How and Why You Should Organize Your Closet Now

If your bedroom closet is overstuffed with clothes, shoes and accessories, you probably know you should tackle a closet purge.

Unlike cleaning out a hall closet, your bedroom closet is personal and emotional, filled with secrets, dreams and regrets, so most of us need a psychological intervention as much as an organizational one. Start with the “why,” and once you have some motivation, we have ideas on how to get help, and how to get going.

Why Clean Out Your Closet?

1. You’ll reduce your daily frustration level.

“If everything in your closet is something you actually want to wear, and you like how you look in each piece, you really streamline your morning,” says Linda Goldman, owner of Altogether Organized and a Certified Professional Organizer who lives in Highland Park.

2. You can make some money.

Corri McFadden‘s company eDrop-off, which has two locations in Chicago, is one of the largest online-luxury consignment sellers in the country. They sell more than 2,500 items a week, and according to McFadden, if you’re not wearing that Chanel jacket or Fendi bag, you can turn it into cash.

3. Your outfits will look fresher. Really.

McFadden finds that clients with too much stuff tend to wear the first 12 pieces they see. If you get rid of the ill-fitting, no-longer-loved and out-of-style pieces that are hogging all the room, you’ll be able to see and wear a lot more of your clothes.

4. You’ll let go of the guilt.

Both McFadden and Goldman have seen time and again clients holding onto a piece “because it was expensive.” But if you beat yourself up every time you open your closet, and see those très chic boots that make you want to cut your foot off because they’re so uncomfortable, it’s time to let them go. Out of sight, out of mind.

5. Your closet will match your lifestyle.

Goldman gently helps clients let go of pieces that no longer work with their lives. Like the 20 power suits a full-time mom had a hard time parting with even though she admitted she’d never wear them again. Goldman often suggests taking a photo or storing one suit in an out-of-the-way closet, but not in your primary space.

Who Can Help You Clean Out Your Closet?

Both McFadden and Goldman’s companies offer help cleaning out closets. And there’s always the option of roping in a friend. Here’s how to decide your best route:

If your closet is packed with designer labels…

If you have a lot of designer clothes and accessories—Gucci, Prada, Lanvin, of course, but also lines by St. John, Theory and Escada—then eDrop-off will send a consultant out for free in exchange for consigning your unwanted designer pieces with them.

“It’s all about establishing a relationship,” McFadden says. “Our employees are there to answer your questions and take care of you. When we show up, we want you to be excited to see us.” To get an idea of the items they consign, it’s helpful to start at their website, and they request at least 10 items consigned in exchange for their help.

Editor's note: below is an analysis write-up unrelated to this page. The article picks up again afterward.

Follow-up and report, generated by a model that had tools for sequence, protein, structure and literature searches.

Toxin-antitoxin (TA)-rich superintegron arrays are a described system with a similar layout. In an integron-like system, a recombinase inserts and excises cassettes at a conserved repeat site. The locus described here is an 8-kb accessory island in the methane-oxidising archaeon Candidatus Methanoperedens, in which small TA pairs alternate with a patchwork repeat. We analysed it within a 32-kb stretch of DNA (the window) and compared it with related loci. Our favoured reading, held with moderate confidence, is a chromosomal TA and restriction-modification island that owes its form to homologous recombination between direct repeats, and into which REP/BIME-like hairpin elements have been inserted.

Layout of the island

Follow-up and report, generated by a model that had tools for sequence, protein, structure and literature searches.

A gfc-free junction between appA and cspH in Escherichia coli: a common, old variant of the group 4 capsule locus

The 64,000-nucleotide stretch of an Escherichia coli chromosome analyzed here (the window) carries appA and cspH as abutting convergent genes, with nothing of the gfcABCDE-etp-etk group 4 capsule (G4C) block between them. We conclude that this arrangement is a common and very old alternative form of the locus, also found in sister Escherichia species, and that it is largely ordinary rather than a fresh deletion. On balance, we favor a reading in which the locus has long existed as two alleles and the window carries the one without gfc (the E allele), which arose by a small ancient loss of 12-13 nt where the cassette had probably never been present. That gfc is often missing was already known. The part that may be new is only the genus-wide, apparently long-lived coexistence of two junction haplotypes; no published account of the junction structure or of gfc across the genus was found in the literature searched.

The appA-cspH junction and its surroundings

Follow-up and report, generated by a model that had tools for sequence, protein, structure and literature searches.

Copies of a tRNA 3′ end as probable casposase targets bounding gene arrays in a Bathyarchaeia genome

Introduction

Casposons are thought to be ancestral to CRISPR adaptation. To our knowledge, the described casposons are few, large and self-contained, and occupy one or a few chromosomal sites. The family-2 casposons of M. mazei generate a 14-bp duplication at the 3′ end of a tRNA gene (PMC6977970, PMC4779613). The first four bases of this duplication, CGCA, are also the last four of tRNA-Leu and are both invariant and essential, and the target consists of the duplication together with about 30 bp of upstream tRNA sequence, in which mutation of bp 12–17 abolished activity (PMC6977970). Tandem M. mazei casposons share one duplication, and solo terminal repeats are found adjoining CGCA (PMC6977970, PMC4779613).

Photo courtesy of Corri McFadden

If your closet is stuffed to the brim…

If your closet is less designer, and more just overstuffed, it’s worth it to pay an expert like Altogether Organized to come and help you sort through everything. Goldman specializes in helping the stuck and overwhelmed, and she’s very gentle and friendly. The last thing you need is a drill sergeant, which brings us your third option.

If you just need a little extra help…

Enlist a friend if you’re basically organized, but need an honest opinion on keep vs. toss. Goldman says a friend can help best not by issuing edicts  (“That looks terrible on you!”) but instead asking questions (“When was the last time you wore that?” “Is it worth the money to get it tailored?”), and then you can do the same for her.

How to Get Organized

Regardless of whom you enlist to help, here are four tips from our experts to smooth the process:

1. No need to empty out the whole closet.

For some women, that’s overwhelming, so you can begin by taking out items if any of the following are true:

  • You don’t like how it looks on you
  • It’s in poor condition
  • It doesn’t fit your lifestyle
  • It’s out of style

2. What’s left, group by category.

So all your pants are together, all dressy blouses are together, etc.

3. Within each category, group by color.

Twelve pairs of black pants?! Yep. It happens. Maybe weed through again.

4. Hang and arrange by need.

Unless you’re going to a black-tie affair every week, those cocktail dresses should be in the back. What you wear Monday through Friday should be in the front.


For more advice on dealing with the clothes you no longer want, check out: Where to Sell, Donate or Recycle Everything.

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